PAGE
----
By David Milliken

By David Milliken

LONDON (Reuters) - Bank of England policymaker Martin Weale said he saw the economic outlook differently after much weaker-than-expected British purchasing managers' data, a week after saying he needed firmer evidence before backing an interest rate cut.

Weale, speaking to the Financial Times, did not state explicitly if he would back a rate cut when the central bank announces its next policy decision on Aug. 4, after its second meeting since Britain voted to leave the European Union.

But he did say that Friday's purchasing managers' data for the services and manufacturing sectors - which pointed to the sharpest contraction since the 2008-09 financial crisis - were "a lot worse than I had thought".


"I see things rather differently from what I would have done had we not had those numbers and the material point is that they were collected after July 12, so after the initial shock of the referendum," he said in the interview published on Tuesday.

"What I said last week is that I would like more information as well as more reflection and I have had more information. Although you can't say there's a clear signal, if you spend all the time waiting for a clear signal, it never comes," he added.

Sterling fell to a two-week low against the dollar following Weale's remarks.

"Markets are taking Weale's comments as near confirmation that the Bank may introduce a stimulus package in its next meeting to counteract poor growth expectations," Ana Thaker, a market economist at PhillipCapital UK, said.

The BoE surprised markets in July by not cutting rates, which had been on hold since 2009, but the minutes of the decision did show that most policymakers expected to back an unspecified package of measures to boost the economy in August.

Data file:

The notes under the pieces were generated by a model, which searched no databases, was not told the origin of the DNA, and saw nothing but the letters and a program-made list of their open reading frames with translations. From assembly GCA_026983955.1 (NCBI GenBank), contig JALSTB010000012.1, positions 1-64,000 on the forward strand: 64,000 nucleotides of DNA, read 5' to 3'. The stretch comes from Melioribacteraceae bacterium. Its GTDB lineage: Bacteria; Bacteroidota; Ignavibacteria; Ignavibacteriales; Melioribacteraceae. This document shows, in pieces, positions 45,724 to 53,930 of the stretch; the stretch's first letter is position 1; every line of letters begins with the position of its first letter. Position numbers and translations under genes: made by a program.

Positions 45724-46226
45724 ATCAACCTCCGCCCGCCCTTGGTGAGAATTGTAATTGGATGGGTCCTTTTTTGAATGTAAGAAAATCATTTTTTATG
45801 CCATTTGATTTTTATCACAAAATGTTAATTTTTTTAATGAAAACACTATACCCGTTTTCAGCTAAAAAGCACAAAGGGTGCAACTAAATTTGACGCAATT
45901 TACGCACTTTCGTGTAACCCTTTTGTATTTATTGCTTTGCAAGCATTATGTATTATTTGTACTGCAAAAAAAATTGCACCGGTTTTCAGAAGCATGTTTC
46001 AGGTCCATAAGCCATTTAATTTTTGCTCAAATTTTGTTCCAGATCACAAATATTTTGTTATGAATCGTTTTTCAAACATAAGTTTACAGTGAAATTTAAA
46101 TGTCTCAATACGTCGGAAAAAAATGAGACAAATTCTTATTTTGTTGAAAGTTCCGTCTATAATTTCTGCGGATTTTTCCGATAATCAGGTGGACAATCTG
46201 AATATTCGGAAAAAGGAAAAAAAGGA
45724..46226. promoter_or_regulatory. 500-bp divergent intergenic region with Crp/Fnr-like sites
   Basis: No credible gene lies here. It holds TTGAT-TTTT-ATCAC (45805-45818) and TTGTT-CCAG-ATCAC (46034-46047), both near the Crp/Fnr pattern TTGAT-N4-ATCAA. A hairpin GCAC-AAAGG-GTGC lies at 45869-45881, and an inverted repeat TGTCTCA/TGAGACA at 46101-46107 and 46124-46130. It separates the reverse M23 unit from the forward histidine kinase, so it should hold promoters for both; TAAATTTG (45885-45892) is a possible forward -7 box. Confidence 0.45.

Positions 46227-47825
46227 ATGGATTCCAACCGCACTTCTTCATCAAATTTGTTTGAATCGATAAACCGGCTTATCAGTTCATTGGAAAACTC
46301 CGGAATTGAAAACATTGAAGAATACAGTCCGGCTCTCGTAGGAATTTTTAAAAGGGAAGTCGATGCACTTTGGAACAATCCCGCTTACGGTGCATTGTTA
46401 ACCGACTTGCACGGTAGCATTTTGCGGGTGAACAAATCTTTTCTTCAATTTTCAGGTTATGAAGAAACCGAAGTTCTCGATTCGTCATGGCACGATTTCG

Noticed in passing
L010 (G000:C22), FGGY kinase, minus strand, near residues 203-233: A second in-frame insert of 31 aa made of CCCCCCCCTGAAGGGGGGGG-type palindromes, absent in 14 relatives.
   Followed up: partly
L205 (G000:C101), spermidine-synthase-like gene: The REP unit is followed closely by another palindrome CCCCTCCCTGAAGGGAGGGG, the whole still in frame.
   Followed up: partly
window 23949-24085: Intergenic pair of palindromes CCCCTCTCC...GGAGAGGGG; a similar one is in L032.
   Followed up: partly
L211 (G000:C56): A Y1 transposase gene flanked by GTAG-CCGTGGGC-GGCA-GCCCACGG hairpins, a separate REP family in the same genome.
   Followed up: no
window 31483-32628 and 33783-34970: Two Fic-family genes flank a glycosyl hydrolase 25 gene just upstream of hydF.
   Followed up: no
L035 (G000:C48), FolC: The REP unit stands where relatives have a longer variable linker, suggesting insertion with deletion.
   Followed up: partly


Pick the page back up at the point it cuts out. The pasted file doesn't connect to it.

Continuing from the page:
However, Weale said in a speech last week that for him the case for looser policy was not clear, and that the central bank should not be driven by market jitters.

While a BoE survey last Wednesday showed little evidence of a fall in business activity, the Confederation of British Industry on Monday reported the lowest level of optimism among manufacturers since early 2009.

And on Tuesday the British Bankers' Association said the number of approvals for home loans in June fell to its lowest since March 2015 - though this represented pre-referendum nerves, and it would not be possible to judge the impact of the Brexit vote until later this year.

Weale has served for six years on the BoE's Monetary Policy Committee and will step down after next week's decision.

He said in the interview that any action next week would not boost the economy until early next year, and repeated his view that government bond purchases would still be effective.

The FT reported him as saying Mark Carney's arrival as governor in 2013 had brought greater discussion of financial markets, which Weale was unsure was a good thing.

It was unclear "whether there are strong material signals from short term moves in financial markets versus the alternative view there's always something to talk about because (financial markets) are always doing something", Weale was quoted as saying.

(Reporting by David Milliken; Editing by Richard Pullin, Kim Coghill and Giles Elgood)

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